1.Allan CJ, Soule EH. Osteogenic sarcoma of the somatic soft tissues. Clinicopathologic study of 26 cases and review of literature. Cancer 1971;27:1121-33.  Back to cited text no. 1
2.Eftekhari F. Imaging assessment of osteosarcoma in childhood and adolescence: Diagnosis, staging, and evaluating response to chemotherapy. Cancer Treat Res 2009;152:33-62.  Back to cited text no. 2
3.Bane BL, Evans HL, Ro JY, Carrasco CH, Grignon DJ, Benjamin RS, et al. Extraskeletal osteosarcoma. A clinicopathologic review of 26 cases. Cancer 1990;65:2762-70.  Back to cited text no. 3
4.Lee JS, Fetsch JF, Wasdhal DA, Lee BP, Pritchard DJ, Nascimento AG. A review of 40 patients with extraskeletal osteosarcoma. Cancer 1995;76:2253-9.  Back to cited text no. 4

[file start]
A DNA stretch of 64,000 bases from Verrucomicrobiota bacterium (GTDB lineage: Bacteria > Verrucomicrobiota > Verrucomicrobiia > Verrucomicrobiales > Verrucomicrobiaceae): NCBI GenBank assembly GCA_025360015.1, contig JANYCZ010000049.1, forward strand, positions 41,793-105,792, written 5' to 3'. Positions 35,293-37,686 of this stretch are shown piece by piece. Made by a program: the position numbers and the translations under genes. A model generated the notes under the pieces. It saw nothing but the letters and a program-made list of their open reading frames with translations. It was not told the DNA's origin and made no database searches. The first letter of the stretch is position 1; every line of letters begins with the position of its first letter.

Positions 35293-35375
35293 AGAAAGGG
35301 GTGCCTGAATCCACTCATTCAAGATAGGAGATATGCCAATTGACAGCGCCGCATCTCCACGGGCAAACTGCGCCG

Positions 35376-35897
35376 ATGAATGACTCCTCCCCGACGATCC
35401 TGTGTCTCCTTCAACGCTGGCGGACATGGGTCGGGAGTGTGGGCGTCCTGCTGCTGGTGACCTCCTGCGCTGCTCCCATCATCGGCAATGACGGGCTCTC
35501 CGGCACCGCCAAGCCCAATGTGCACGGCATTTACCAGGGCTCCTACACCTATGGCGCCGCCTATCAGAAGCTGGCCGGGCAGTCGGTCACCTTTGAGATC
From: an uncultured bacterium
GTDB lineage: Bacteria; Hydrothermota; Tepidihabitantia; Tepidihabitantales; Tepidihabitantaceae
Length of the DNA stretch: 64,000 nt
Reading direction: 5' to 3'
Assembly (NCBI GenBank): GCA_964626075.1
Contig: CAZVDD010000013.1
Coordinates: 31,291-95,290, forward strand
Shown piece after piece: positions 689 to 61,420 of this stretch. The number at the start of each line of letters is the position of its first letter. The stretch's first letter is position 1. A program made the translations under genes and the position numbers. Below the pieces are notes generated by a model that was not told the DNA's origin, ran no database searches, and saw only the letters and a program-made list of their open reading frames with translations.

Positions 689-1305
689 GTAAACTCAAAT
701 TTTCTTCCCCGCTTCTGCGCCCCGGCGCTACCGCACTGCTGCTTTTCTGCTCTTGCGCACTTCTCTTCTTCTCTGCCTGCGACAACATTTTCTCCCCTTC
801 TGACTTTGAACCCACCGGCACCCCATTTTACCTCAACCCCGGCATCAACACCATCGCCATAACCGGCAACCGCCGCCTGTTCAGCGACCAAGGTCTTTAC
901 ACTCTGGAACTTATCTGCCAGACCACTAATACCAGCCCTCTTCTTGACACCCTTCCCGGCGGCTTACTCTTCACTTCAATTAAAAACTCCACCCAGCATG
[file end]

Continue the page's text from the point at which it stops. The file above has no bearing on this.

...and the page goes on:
5.Chung EB, Enzinger FM. Extraskeletal osteosarcoma. Cancer 1987;60:1132-42.  Back to cited text no. 5
6.Mc Auley G, Jagannathan J, O'Regan K, Krajewski KM, Hornick JL, Butrynski J, et al. Extraskeletal osteosarcoma: Spectrum of imaging findings. AJR Am J Roentgenol 2012;198:W31-7.  Back to cited text no. 6
7.Tateishi U, Yamaguchi U, Terauchi T, Maeda T, Moriyama N, Arai Y, et al. Extraskeletal osteosarcoma: Extensive tumor thrombus on fused PET-CT images. Ann Nucl Med 2005;19:729-32.  Back to cited text no. 7
8.Bindal RK, Sawaya RE, Leavens ME, Taylor SH, Guinee VF. Sarcoma metastatic to the brain: Results of surgical treatment. Neurosurgery 1994;35:185-90.  Back to cited text no. 8


  [Figure 1], [Figure 2], [Figure 3]